Horse Handicapping 101 – Older or Younger

If you’re brushing off your handicapping skills before the Derby, you might have a long way to go. There’s so many horses competing that it can be hard to pin down who you want your top horse to be. Even after the Derby is long gone, there will be great races to follow. That’s why starting to refine your handicapping now can yield big benefits in the future.

So, how do we set the stage? The daily racing form is a great way to look at all of the contenders, but today’s lesson is a bit of general theory. You have younger horses against older horses. Does youth win? Or does experience play a bigger role? Do you want to go with a horse that’s relatively untested, the wildcard, or do you want to go super conservative and pick a horse that’s already won a bunch of allowance stakes?

The choice isn’t easy, because you can go either way. It’s also a bit of a “false choice”, because age alone doesn’t mean much. Sure, a young horse has a bit more life in them, but this “life” is marred by inexperience. Simply put, the horse can be stubborn and not perform nearly the way that you wanted them to perform.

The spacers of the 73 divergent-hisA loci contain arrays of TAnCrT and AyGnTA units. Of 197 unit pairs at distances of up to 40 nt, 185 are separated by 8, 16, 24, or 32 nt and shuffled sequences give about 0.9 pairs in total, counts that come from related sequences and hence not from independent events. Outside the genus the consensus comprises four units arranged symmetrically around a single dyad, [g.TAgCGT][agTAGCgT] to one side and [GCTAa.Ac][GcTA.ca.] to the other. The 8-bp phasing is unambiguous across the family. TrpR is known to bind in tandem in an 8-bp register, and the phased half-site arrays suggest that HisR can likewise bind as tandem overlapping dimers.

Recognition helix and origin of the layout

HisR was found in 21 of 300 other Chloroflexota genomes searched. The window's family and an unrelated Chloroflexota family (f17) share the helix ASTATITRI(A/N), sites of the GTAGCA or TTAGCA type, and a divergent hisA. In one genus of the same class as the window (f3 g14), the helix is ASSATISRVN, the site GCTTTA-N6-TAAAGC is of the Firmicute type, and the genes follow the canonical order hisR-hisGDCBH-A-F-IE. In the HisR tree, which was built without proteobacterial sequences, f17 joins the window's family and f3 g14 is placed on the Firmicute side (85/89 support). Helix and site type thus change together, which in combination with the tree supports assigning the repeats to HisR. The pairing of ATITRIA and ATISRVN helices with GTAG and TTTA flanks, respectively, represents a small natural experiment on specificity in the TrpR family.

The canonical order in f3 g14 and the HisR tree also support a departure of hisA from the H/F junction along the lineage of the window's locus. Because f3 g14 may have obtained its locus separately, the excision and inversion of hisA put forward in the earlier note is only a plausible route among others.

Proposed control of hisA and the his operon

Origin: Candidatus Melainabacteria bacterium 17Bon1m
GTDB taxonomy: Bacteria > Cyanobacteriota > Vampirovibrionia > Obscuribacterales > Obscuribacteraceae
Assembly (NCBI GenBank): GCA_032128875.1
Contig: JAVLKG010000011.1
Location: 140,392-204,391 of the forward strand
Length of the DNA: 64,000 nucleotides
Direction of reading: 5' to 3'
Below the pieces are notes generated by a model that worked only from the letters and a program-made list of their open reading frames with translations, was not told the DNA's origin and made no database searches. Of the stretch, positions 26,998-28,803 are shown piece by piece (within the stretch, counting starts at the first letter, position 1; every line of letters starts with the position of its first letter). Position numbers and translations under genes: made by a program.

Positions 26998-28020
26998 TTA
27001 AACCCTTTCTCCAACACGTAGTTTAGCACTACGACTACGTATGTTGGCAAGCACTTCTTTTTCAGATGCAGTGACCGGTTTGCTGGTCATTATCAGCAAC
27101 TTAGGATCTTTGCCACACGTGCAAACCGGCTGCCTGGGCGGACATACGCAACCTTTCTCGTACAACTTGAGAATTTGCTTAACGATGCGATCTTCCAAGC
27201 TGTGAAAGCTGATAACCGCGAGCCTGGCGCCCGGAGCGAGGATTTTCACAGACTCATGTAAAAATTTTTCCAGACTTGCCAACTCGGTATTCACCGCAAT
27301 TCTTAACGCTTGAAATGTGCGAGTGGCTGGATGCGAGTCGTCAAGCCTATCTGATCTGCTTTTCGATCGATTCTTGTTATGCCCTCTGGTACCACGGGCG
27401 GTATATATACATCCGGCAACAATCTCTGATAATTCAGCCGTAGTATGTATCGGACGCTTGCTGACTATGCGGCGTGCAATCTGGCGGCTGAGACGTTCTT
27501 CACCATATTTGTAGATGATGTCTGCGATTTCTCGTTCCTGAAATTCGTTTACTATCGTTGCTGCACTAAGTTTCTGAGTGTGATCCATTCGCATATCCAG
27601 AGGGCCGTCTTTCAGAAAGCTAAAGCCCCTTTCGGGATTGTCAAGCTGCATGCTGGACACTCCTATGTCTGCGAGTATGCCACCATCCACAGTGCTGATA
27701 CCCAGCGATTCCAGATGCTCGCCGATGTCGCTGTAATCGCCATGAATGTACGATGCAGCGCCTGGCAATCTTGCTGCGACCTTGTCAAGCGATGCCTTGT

Horse Handicapping

We advise making two groups in your handicapping drafts: the younger horses, along with the older horses. In the young group, you want to refine by looking at the performance of the jockeys, as well as the horse’s performance on different fields. There’s an inherent track bias that you need to keep aware of, and that bias can ruin a horse. Yet it’s not just about the condition of the track, either. (See why this can be complicated?)

You have to think about the horse’s endurance in general. You can look at the races they’ve won and then look at the track. Was it a speed race, or an endurance race? The longer tracks will bring out the horses that can go the distance, while the shorter tracks will reveal your sprinters.